The firearm must be stored unloaded. That is pretty straightforward, and it is the same for all classes of firearms, in the possession of anyone.
The firearm must be either trigger locked, or have the bolt removed, or must be stored in a secure locked container, receptacle or room.
We receive many calls on this. Some people think a locked closet is considered secure, as described in section 5(1)(b)(iii) above.
However, if the locked closet can be easily opened by removing the pins from the hinges, then the closet may not meet the standard of being a “room that is kept securely locked and that is constructed so that it cannot readily be broken open or into.”
Opening the door, and drilling a blind hole through the stationary part of the hinge and part way into the pin, in the area of the hinge that will be covered by the other half of the hinge when the door is shut, can easily fix that problem. If one then hammers a pin into that blind hole, the pins cannot be removed, and the new locking pin itself cannot even be seen when the door is shut.
A sheet metal gun safe, or other locked metal container fits the description of “safe” in Black’s Law Dictionary. So does the thick-walled fireproof box with a combination dial that most people think of when they think of a “safe.”
Each is a “metal container for the preservation of valuables.”
There are no actual definitions in the regulations as to exactly what is considered a secure locked room, receptacle or container (any place with an unbarred window is NOT). In the case of a person charged with illegal storage, it will be a police officer who will first decide whether your storage facility is legal or not.
It will then be up to you and your lawyer (with National Firearms Association assistance) to “prove” to a Judge, or to persuade the Crown prosecutor, that your storage was correct under the law. Persuading the Crown saves the cost of a trial.
If you have a rifle, and you remove the bolt from the rifle, then, according to the regulations, that rifle can be stored anywhere. There is no mention in the regulations as to how far away from the firearm that bolt must be. The Regulations do not require that the bolt of a non-restricted firearm has to be stored with any special precautions.
A restricted handgun can be stored, trigger-locked and unloaded, in a locked container that “cannot readily be broken open or into” or in the usual secure vault, safe or room “that is kept securely locked and that is constructed so that it cannot readily be broken open or into.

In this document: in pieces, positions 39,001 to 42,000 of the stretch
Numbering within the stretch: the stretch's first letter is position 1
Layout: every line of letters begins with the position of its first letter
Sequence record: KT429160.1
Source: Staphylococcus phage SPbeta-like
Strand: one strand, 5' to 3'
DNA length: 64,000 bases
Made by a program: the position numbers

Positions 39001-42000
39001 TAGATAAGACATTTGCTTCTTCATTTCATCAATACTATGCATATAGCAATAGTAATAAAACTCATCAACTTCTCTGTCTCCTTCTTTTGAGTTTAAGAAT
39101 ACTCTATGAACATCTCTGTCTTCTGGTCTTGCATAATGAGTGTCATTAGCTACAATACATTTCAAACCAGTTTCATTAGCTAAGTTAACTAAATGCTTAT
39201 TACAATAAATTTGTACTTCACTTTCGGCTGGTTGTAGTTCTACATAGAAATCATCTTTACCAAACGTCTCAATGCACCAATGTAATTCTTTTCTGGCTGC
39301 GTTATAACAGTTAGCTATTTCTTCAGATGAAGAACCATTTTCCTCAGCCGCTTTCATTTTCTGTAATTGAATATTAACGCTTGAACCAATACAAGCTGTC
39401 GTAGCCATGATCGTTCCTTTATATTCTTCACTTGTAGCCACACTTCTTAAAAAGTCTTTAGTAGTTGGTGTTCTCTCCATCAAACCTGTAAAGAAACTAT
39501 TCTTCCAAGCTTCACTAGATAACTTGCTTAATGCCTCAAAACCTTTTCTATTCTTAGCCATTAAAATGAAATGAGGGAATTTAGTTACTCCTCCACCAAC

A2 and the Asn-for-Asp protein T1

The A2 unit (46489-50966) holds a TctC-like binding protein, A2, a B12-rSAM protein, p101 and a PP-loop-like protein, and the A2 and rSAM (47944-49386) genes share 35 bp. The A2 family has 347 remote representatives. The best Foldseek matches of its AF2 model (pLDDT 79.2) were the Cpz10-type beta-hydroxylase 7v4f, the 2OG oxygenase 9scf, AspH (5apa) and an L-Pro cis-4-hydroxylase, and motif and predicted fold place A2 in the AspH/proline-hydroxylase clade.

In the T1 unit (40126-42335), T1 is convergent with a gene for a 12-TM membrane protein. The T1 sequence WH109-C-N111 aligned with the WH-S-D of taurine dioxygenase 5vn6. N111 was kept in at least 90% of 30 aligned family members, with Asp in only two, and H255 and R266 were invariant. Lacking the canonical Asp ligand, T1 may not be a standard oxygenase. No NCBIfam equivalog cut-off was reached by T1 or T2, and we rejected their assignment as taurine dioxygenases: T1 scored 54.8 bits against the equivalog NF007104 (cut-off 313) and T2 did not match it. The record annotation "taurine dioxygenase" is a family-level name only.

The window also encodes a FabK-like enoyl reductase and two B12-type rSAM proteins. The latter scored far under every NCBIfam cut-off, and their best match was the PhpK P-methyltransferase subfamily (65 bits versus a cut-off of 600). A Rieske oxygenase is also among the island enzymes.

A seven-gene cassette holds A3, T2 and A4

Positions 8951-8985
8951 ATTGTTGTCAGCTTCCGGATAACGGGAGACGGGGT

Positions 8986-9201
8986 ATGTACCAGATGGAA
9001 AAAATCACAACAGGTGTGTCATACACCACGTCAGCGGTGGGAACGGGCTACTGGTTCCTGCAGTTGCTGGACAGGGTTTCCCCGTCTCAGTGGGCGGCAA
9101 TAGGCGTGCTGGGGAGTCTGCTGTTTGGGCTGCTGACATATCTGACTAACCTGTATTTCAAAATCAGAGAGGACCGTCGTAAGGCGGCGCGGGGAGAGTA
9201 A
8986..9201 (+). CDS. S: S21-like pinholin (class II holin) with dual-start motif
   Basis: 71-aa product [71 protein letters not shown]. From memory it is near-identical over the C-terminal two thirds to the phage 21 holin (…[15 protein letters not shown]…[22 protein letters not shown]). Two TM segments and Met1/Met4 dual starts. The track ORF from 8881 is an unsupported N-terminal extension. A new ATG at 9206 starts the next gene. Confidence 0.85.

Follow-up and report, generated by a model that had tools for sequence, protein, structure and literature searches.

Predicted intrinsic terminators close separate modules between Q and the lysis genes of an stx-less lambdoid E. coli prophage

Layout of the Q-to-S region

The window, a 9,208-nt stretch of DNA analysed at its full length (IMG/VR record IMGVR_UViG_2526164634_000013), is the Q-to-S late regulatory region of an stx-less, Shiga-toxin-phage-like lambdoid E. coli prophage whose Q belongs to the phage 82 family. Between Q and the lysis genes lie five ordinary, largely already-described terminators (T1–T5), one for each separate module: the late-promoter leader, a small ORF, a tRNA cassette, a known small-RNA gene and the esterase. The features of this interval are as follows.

The storage regulations for prohibited firearms that are automatic, and that have bolts or bolt carriers, specify that the bolt or bolt carrier must be stored in a separate room in a securely locked container.
The regulations say that a firearm must be stored so that it is “not readily accessible to ammunition, unless the ammunition is stored, together with or separately from the firearm, in a container or receptacle that is kept securely locked and that is constructed so that it cannot readily be broken open or into.”
Again, there is no definition in the regulations to tell the reader what “not readily accessible” means.
Is it in a separate room, or is it in the box the ammunition came in sitting beside the firearm? This is an area of the Regulations that will have to be decided by a Judge one day.
Now, comes in an area which many people find very confusing, the difference between storage and use.
Situation: You are at home, and you have your Remington 700 bolt-action rife sitting on your gun bench. You are cleaning it. The doorbell rings and you leave the firearm sitting on your bench and leave the room to answer the door.
At the door is a police officer.
If he were to enter your home, and see your Remington 700 rifle sitting on the bench, would you be subject to any charges?
Answer: Today, as long as you had a valid firearm license, either an FAC or a POL or PAL, and a registration certificate for the firearm, there would be no charges that he could lay which would hold up in court, because the firearm is not IN STORAGE, so no storage law applies to it.
In some cases like this, the firearm owner has been charged with illegal storage of a firearm, in spite of the fact that the firearm is not in storage, and has been removed from storage.
Use can be cleaning your firearm, showing it to someone, or simply admiring it. You could be sitting in your living room reading a book dealing with your firearm, with the firearm sitting on the table for reference. That would be a firearm in use.
In today’s world, between the government and the media, firearms have gained a certain notoriety. Often a law enforcement officer will think that he should automatically lay a charge, just because he sees a firearm. He is often wrong.
When a charge is laid improperly, the National Firearms Association can usually brief the owner or, preferably, his lawyer on the legal technicalities involved in that particular case. Once those legal technicalities are pointed out to the Crown prosecutor, such charges are usually dropped before trial.